The 41 House races were chosen recently by the Cook Political Report as “competitive.” (Political analyst Charlie Cook and the Cook Report were not otherwise involved in the Brennan Center study.) The four featured Senate races are in states where both party nominees were established early in the election cycle.

Television viewers in St. Louis and Kansas City, Missouri have seen the greatest number of political ads from June 1 through October 10, with Seattle, Detroit, Spokane, and Grand Rapids and Flint, Michigan rounding out the top 7 markets ranked by saturation of political ads. Each of these markets has experienced the convergence of close Senate and House races, in addition to being in a state that is a hotly contested electoral college prize in the presidential battle. In St. Louis, which has also been experiencing a tough gubernatorial campaign, 18,755 ads appeared on local broadcast TV since June 1. Governor Mel Carnahan’s death on Monday brought a tragic end to a Senate race there that was also one of the most hotly contested in the nation. Since his death, nearly all political campaigns in the state have suspended their television advertising.

Meanwhile, San Antonio and Austin, both in George W. Bush?s Texas, have each seen but 13 political ads on all of local broadcast television since summer.

These findings make the 2000 campaign the first-ever in which information describing candidates’ use of the television airwaves will be available to voters, political scientists, and campaign analysts in real time. The Brennan Center study will continue for the duration of the campaign and reveals the untold story of television advertising paid for by candidates, parties, and groups:

  • Spending on ads by candidates, parties, and allied groups.
  • Priority media markets targeted by the Republican and Democratic parties during the most recent two weeks.
  • Analysis of party advertising.
The findings for the 2000 election cycle build on the Brennan Center’s Buying Time: Television Advertising in the 1998 Congressional Elections, available online at Among the 1998 findings was the revelation that the definition used to identify campaign appeals, which relies on so-called magic words such as “vote for,” “elect,” or defeat,” captured only 4 percent of the advertisements run by congressional candidates. The narrowness of the definition allows parties and groups to sponsor ads indistinguishable from those run by candidates, yet these ads escape the obligations of campaign finance law.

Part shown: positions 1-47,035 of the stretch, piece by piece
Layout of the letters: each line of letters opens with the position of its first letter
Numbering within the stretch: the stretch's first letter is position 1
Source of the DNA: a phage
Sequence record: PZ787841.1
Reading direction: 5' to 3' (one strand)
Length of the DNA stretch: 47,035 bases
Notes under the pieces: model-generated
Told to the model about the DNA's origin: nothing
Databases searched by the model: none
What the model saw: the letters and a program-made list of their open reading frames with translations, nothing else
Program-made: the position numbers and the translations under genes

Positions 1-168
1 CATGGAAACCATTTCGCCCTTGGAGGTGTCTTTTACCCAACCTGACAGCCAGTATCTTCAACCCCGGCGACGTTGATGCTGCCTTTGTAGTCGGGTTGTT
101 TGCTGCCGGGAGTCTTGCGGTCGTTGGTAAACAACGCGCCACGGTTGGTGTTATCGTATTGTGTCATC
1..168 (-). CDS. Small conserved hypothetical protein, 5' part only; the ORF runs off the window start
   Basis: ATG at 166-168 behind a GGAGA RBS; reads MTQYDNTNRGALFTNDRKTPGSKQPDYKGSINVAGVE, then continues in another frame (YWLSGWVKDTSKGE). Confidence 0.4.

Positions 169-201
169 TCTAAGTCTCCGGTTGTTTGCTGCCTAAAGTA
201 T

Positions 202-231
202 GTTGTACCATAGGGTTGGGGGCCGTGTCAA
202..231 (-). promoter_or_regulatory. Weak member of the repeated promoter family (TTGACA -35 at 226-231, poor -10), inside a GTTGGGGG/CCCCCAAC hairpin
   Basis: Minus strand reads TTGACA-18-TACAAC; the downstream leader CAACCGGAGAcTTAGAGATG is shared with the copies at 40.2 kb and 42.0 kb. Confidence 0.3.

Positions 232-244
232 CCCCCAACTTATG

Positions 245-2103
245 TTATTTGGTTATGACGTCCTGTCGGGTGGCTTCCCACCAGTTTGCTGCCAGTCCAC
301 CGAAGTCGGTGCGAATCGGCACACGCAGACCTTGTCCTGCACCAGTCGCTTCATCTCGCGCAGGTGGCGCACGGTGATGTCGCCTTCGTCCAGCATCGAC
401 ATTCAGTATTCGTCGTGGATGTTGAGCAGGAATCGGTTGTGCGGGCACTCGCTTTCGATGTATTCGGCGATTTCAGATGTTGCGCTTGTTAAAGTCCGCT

The Brennan Center for Justice at NYU School of Law develops and implements a nonpartisan agenda of scholarship, public education, and legal action that promotes equality and human dignity, while safeguarding fundamental freedoms. For more real time information describing the 2000 presidential and congressional races contact Scott Schell at (212) 998–6318.

Explanatory Notes for Accompanying Tables:

  • Methodology. Campaign Media Analysis Group (CMAG), a commercial firm that advises advertisers and reporters, compiled the data using technology that monitors political advertising by the major national broadcast television networks and 25 leading cable networks in 75 media markets reaching over 80% of the population. Each time an ad ran, CMAG recorded the date, time, television station and length of the ad. The information was later supplemented with estimates of the cost for each time slot. CMAG reported the average cost of the time slot for each ad aired. This captured the cost of the media buy, not the amount spent on production or placement.

  • Tables 1 and 2: Key House and Senate Races Comparison of Spending on Ads. For comparisons of aggregate spending on ads, measurements are made in dollars spent on ads.

  • Table 3: Top 20 Markets for Political Advertising in All Races by All Advertisers. In order to make meaningful comparisons of intensity of advertising across different media markets (with different costs for ad buys), the figures provided in this table measure number of ads aired in each market. “All races” means that the figures cover every federal and state political contest in which a television ad was aired in the particular market. “All advertisers” indicates that the figures include ads sponsored by candidates, parties, and independent groups.